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USM geographers interviewed on WGME-TV about the shifting magnetic pole

The Earth’s magnetic poles are shifting — and quickly.

However, they’re not moving enough to make a noticable difference for most people, USM professors Matthew Edney and Matthew Bampton told WGME-TV.

The National Oceanic and Atmospheric Administration recently released it's "World Magnetic Model," portraying a pole that is moving about 34 miles a year.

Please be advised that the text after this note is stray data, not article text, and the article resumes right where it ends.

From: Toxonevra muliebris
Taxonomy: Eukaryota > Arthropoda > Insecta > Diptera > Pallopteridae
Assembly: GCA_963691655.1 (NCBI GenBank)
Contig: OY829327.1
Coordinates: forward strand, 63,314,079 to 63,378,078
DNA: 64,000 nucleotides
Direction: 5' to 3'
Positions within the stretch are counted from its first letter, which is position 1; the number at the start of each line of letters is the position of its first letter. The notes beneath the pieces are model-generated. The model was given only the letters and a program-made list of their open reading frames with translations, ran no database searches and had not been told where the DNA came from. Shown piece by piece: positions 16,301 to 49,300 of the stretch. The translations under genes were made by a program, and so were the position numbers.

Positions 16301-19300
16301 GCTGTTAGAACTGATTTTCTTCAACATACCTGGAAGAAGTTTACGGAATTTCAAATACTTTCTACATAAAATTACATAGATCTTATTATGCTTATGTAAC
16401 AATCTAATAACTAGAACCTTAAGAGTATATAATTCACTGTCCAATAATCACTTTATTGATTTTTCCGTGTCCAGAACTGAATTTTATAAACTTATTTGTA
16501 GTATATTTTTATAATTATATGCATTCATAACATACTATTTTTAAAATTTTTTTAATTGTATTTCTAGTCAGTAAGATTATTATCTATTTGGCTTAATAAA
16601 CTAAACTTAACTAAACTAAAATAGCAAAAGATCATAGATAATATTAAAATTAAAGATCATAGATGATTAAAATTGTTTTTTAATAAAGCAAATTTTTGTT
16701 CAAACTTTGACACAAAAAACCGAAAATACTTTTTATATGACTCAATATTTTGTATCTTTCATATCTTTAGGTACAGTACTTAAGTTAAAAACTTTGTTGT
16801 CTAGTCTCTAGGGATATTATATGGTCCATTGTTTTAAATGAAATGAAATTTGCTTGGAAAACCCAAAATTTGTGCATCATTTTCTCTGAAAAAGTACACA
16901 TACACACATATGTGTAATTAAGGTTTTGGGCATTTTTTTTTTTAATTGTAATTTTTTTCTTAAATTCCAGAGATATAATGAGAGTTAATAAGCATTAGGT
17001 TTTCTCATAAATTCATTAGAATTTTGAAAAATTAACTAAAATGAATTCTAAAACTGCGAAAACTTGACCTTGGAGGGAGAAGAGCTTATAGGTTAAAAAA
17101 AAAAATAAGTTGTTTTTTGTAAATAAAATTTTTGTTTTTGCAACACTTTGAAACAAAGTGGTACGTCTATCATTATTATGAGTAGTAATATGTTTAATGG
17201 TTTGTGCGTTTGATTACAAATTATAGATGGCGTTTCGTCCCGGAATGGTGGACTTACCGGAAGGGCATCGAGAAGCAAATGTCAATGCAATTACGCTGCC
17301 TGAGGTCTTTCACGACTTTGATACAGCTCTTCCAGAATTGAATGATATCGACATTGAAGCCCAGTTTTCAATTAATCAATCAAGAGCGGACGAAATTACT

"It's moving much more rapidly now than it has before and consequently all of our calculations about where magnetic declination lie have to change," Bampton, a professor of Geography, told the TV station.

Smart phones and other GPS-enabled devices are unaffected by magnetic north.

One of the few places the change might be noticable is in northern Alaska, said Edney, a professor of Geography and the Osher Professor in the History of Cartography.

"If you're relying on a compass in those places, you just have to be a bit more careful," USM Cartography Professor Dr. Matthew Edney said.